Wednesday, December 02, 2020

The Meaning of Life

 A lot of people seem to struggle unnecessarily with thinking about "the meaning of life".

It's not difficult.

The meaning of life is to learn how to live happily 
in such a way that 
everyone else could also live happily.

"Meaning" is that which a thing points towards, beyond its own constituent parts. 

By "life" we mean here the timeline of our existence as humans.

(Some will say immediately that this assumes that our life is pointing towards a thing, whereas our life is nothing but its temporal sequence: we are born, we live, we die, that's it. There is no meaning. This argument pre-judges what I am about to say. It begs the question.)

By "learn" we mean here the acquisition of effective knowledge, that is, knowledge that affects the way we live our lives, sometimes called self-knowledge. This as opposed to knowledge that is about things that do not significantly affect how we live our lives. Clearly it is possible for humans to learn in both of these categories.

Learning itself is a way of achieving happiness, since there is a sense of completion and satisfaction associated with learning a new life skill. It implies that learning is a life-long process of practice as well as knowledge, not something that has to be memorised and that the process is then finished.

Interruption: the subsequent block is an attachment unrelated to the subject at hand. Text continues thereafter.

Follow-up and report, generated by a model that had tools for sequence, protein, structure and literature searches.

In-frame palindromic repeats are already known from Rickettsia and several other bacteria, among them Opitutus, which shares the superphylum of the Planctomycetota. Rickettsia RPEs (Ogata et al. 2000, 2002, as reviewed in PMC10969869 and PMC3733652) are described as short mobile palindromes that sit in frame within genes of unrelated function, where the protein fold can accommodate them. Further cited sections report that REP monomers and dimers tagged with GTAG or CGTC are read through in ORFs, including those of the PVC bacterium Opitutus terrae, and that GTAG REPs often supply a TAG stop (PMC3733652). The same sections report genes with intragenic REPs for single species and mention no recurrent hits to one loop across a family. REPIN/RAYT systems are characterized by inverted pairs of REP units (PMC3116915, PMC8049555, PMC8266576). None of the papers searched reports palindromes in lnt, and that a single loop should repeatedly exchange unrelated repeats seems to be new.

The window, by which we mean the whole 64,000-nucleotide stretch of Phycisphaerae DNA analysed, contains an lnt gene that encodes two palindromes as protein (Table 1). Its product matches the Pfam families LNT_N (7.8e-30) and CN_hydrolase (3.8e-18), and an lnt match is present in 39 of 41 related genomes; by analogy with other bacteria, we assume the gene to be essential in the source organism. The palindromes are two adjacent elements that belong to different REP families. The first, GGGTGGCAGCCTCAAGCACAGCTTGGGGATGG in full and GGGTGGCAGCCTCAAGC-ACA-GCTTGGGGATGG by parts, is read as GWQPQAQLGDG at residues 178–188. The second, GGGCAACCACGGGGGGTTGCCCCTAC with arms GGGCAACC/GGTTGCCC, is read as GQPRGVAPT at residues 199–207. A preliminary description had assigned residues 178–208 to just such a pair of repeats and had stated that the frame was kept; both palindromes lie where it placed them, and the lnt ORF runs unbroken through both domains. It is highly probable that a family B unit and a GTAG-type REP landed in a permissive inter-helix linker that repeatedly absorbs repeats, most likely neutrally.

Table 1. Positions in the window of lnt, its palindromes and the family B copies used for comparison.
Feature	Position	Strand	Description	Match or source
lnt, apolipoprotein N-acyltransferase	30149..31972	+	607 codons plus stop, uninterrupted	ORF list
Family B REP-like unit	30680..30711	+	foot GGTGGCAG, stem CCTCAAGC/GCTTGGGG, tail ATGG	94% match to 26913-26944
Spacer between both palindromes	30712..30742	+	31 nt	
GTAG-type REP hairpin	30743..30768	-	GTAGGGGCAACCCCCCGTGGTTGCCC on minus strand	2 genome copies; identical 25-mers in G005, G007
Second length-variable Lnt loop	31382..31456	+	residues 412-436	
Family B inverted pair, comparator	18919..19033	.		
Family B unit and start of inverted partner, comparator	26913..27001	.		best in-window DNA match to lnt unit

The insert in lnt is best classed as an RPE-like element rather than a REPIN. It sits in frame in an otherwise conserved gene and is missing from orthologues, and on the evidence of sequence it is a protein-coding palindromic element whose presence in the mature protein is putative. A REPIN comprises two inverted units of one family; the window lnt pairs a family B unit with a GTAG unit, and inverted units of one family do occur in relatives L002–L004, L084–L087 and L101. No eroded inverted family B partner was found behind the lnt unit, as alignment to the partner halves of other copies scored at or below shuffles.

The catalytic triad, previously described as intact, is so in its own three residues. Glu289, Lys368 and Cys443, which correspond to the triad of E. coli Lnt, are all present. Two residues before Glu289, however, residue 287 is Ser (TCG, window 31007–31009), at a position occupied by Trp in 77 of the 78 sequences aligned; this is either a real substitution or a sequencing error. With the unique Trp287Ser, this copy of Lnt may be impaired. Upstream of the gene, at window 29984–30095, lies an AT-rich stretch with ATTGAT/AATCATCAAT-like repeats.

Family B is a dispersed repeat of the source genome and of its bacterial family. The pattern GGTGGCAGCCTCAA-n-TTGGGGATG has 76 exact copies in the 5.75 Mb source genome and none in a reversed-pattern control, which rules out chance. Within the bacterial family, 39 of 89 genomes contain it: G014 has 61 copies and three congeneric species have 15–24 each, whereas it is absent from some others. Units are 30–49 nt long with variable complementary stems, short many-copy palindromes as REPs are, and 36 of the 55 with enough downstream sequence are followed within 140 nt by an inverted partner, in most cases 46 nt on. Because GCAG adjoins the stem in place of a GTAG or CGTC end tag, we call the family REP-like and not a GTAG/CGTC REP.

By "happily" we mean contentment, a sense of completeness, a substantial lack of unfulfilled desire.

By "Everyone else" we mean all other humans, and also to a large extent, all other sentient beings.

By "could" we mean that we are not trying to achieve the impossible. If we tried to live our lives in such a way that everyone else would or will become happy, we would inevitably end up being miserable since other peoples' state of being it to a great extent beyond our power to affect. 

Note that this approach to the meaning of life does not refer to any theological construct. It is very much arising from our own thought processes. It makes no dogmatic claims about the existence or non-existence of a transcendent Being, but it does notice that most major religions do contain ethical commands that are consistent with the statement made here. It is usually summarised as the Golden Rule - Treat other people as you would have them treat you.

So. I hope this has cleared up the matter of the "meaning of life" at least for readers of this blog.

No comments: